Long-Term Population Dynamics of The North American Beaver Castor Canadensis on Quabbin Reservation, Massachusetts, and Sagehen Creek, California

  • Peter E. Busher
  • Paul J. Lyons


Long-term research and monitoring activities on the Quabbin Reservation in west-central Massachusetts have provided an opportunity to follow changes in numbers and dynamics of a local unexploited beaver Castor canadensis population over a 45-year period. Beavers returned to the area in the early 1950s, following an absence of more than 200 years. Since then interpretation of aerial photographs, anecdotal reports from early researchers and watershed managers, and starting in 1968, complete annual censuses of all active beaver sites on the 5,018 ha Prescott Peninsula, have identified distinct periods of population change. The first 15 years were characterized by relatively slow growth. This period was followed by another 15 years of very rapid growth of the population. By the early 1980’s growth had slowed, and the population experienced a period of rapid decline finally stabilizing at a level approximately 23% of its peak. Various changes in productivity, colony composition, dispersal and interactions with other wildlife species were associated with these periods of population change. The changes observed in the Quabbin Reservation beaver population are comparable to changes in an unexploited beaver population in California. Research on the California beaver population has documented similar periods of rapid growth and subsequent decline.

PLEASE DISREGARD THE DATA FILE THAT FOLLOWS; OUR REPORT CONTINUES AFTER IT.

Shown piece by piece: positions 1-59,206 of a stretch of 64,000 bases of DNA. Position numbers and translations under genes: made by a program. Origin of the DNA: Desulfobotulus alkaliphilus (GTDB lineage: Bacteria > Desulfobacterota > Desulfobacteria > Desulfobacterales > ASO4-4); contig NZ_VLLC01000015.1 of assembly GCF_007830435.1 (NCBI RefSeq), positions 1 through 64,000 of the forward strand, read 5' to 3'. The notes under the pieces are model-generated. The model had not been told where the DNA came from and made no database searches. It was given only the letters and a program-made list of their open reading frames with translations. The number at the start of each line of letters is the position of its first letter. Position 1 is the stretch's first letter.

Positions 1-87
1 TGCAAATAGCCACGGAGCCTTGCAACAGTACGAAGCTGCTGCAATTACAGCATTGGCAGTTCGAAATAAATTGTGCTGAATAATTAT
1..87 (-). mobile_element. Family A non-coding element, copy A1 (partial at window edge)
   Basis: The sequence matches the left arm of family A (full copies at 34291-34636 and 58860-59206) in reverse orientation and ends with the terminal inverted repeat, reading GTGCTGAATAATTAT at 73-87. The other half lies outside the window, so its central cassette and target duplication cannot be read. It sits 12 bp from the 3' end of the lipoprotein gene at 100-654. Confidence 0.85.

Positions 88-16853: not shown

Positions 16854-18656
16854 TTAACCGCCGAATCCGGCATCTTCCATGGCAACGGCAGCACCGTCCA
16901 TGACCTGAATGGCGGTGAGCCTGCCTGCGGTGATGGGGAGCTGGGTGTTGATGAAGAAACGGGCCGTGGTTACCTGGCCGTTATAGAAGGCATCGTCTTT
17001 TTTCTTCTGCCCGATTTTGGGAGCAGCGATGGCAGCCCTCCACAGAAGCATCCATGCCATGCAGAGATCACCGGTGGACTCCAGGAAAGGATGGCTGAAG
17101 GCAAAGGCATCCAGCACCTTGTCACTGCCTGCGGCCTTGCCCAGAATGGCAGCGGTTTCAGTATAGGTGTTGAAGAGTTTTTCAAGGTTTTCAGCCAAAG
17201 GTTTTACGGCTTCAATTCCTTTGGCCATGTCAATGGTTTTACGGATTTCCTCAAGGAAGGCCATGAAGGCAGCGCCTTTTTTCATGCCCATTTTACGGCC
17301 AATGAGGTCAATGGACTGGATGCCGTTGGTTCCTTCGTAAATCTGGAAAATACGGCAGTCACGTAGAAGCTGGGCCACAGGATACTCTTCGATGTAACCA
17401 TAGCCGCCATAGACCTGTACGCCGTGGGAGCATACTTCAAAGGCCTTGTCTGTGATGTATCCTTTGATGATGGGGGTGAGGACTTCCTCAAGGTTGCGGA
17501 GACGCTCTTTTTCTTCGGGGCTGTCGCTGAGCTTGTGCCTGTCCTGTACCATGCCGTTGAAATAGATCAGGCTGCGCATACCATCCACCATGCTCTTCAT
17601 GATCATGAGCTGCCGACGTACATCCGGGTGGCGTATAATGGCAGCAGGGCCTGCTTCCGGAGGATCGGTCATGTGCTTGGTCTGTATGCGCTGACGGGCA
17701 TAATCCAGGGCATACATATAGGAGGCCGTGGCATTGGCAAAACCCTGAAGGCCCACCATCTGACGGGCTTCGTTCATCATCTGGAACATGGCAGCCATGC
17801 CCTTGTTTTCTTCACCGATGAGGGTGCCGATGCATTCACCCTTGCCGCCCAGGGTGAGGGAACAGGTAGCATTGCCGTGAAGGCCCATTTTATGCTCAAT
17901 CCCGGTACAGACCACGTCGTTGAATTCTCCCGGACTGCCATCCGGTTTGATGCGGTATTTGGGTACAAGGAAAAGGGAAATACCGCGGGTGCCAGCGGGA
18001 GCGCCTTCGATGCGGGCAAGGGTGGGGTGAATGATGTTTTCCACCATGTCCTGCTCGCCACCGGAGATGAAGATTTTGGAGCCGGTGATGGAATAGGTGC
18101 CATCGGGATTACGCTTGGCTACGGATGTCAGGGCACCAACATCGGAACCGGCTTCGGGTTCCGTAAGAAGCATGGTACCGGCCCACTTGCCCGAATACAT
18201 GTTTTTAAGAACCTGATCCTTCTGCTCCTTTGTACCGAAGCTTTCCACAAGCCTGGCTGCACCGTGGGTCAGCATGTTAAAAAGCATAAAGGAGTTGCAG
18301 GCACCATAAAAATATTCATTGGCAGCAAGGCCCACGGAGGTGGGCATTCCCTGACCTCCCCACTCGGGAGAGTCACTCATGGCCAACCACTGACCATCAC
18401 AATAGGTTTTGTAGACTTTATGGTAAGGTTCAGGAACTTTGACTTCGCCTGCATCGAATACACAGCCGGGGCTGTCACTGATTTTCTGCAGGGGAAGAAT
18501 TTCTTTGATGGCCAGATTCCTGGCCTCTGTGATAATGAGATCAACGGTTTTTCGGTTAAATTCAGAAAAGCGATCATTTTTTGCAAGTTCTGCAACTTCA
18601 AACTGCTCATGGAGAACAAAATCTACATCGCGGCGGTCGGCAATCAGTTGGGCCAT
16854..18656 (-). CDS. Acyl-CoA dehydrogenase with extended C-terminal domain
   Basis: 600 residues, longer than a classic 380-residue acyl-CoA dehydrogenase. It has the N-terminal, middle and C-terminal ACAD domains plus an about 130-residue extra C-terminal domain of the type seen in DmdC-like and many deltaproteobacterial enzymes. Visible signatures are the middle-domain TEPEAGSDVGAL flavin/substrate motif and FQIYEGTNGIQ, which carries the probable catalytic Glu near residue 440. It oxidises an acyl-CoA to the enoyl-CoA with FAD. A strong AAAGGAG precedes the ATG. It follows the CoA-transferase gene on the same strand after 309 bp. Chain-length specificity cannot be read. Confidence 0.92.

Decline Phase Beaver Population Castor Canadensis European Beaver Isle Royale 
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Copyright information

© Springer Science+Business Media New York 1999

Authors and Affiliations

  • Peter E. Busher
    • 1
  • Paul J. Lyons
    • 2
  1. 1.Division of Science and Mathematics College of General StudiesBoston UniversityMassachusetts
  2. 2.Massachusetts Watershed InitiativeMassachusetts

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